In the village of Stanton Drew, and dating from around 4,500 years ago, is the third largest complex of standing stone circles in England. David Colohan visited the site one rainy morning in early 2020 and was inspired by the mix of winter sunshine and eerie ancient atmosphere to create a record of his impressions. Fair enough, since people rarely send postcards from their travels anymore. Actually, the postcard analogy only works if it allows for someone designing a postcard when they get home, since Colohan's use of field recordings is minimal and he doesn't really create music in situ. He's done this before with other locations but A Lunar Standstill is easily his most consistent recording.
Colohan uses alto saxophone, clarinet, electric guitar, field recordings, harmonium, mellotron, modular synthesizer, trombone, and voice. Maybe I am triggered in a good way by the harmonium but much of this music gives off such a warm and pleasant hum that I started dreaming about Ivor Cutler as a Druid—although I hope that does not sound trite, as Cutler's music has a spiritual grace and trusty home grown solemnity which bestows upon it a uniquely absurd sense of substance and sincerity. The more bizarre it gets the more serious it becomes. On the subject of bizarre, Colohan's "A Static Field" is strange—as if it were composed for divining sticks, ley lines, and glow worms.
This album starts slowly though, with the first couple of tracks seeming like elbows inching into hot water before giving the baby a proper bath, or even someone in a Zen state testing the acoustics in their tiled hallway. It's as if we're driving to the ancient stone circle but we're not there yet. After that things go up a notch: we've arrived, the weather is perfect, and the sandwiches we packed taste unusually good. The voices on "Born Over Blind Springs" seem a portal to elsewhere, to a location where human emotion intersects with history and myth, nature and spirituality. Even better is "The River Talking In It's Sleep," perhaps the most avant-piece here, suitably liquid in structure and flow—with lovely clarinet and mellotron or synth—a real golden ear point climax on the record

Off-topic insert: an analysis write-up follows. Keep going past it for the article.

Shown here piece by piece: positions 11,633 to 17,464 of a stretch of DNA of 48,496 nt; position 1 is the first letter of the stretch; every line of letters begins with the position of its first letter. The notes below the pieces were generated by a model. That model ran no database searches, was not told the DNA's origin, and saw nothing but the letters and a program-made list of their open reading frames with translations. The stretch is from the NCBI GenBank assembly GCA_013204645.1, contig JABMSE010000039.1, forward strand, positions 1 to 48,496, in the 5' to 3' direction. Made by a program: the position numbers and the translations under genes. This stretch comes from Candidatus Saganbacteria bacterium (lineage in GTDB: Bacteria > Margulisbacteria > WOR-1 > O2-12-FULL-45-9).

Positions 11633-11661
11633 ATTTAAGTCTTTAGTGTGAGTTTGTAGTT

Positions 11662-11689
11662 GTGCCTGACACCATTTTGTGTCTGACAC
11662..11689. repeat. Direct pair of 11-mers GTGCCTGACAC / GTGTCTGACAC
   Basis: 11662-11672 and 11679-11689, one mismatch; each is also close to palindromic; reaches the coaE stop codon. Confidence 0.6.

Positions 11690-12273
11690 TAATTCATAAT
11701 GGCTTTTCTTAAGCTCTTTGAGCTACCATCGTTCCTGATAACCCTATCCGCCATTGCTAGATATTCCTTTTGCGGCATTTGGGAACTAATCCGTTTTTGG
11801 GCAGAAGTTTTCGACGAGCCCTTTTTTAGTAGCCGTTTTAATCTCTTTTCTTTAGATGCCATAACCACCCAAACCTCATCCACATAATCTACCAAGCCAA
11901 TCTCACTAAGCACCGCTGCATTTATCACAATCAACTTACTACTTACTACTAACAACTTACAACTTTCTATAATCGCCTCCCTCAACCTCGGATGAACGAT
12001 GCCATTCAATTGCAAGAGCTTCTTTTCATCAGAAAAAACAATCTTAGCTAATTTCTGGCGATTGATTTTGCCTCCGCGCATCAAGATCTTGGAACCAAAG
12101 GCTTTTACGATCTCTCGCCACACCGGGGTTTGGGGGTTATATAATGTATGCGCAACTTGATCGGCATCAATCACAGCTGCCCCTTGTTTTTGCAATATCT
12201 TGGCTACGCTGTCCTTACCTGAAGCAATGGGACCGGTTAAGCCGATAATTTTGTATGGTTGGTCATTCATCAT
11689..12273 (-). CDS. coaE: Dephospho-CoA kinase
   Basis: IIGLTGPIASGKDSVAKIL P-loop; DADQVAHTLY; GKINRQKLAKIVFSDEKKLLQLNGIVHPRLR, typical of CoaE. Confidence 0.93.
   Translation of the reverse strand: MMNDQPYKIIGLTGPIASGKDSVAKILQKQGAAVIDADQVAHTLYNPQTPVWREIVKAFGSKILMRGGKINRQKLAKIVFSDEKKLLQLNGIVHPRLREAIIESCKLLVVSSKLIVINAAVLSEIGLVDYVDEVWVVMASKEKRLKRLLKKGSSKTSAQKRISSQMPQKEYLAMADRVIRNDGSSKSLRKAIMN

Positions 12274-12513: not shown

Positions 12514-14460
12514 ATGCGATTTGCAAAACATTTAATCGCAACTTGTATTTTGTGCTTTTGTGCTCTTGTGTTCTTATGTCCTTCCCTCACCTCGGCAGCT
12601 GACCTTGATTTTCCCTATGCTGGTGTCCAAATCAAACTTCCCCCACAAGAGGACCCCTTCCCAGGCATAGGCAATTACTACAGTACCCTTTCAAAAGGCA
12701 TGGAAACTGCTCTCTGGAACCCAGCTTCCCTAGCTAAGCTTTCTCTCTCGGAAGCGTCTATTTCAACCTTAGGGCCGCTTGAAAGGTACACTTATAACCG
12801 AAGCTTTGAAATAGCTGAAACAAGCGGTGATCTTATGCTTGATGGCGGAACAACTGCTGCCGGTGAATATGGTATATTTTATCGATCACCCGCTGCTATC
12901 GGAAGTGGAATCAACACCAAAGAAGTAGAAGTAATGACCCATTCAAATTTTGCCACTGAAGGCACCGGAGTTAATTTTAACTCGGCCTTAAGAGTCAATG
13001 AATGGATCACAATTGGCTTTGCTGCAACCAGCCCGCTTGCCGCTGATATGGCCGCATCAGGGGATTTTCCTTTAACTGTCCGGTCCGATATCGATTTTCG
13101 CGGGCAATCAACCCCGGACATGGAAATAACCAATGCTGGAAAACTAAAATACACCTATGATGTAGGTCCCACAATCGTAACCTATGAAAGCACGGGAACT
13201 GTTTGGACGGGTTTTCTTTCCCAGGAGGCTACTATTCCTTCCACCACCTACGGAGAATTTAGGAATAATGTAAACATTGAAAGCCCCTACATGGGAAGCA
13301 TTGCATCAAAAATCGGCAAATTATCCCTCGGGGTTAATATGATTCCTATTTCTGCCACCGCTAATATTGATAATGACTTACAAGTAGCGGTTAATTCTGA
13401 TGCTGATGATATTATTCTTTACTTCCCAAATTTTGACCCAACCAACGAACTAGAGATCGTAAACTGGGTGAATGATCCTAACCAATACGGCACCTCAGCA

The Stanton Drew circles were probably first noted by the famous antiquarian John Aubrey in 1664. He recorded that the villagers were breaking stones with sledge-hammers and that several stones had recently been removed. The circles are less well known and visited than Avebury or Stonehenge, and are situated a few miles southwest of Keynsham (the town culturally immortalized in the title of an album by the Bonzo Dog Band, in reference to Horace Batchelor, a football pools predictor from Keynsham who regularly advertised his service on pop music radio broadcasts in the early 1960s. In advertisements Batchelor would spell out the town's name when reading his postal address. The album starts with a line taken from Batchelor's radio advertisement "I have personally won over..."
David Colohan has been quite prolific, and has releases available for free download. At the risk of sounding like Horace Bachelor, I have personally grabbed several and A Lunar Standstill ranks with my favorite of his works, including "Emmadorp" from Prosperpolder and also his Visitations album. It includes "The Quoit & The Cove" which has an impressive harmonic resonance, even after I realized my wife was inadvertently accompanying David Colohan on vacuum cleaner from the next room.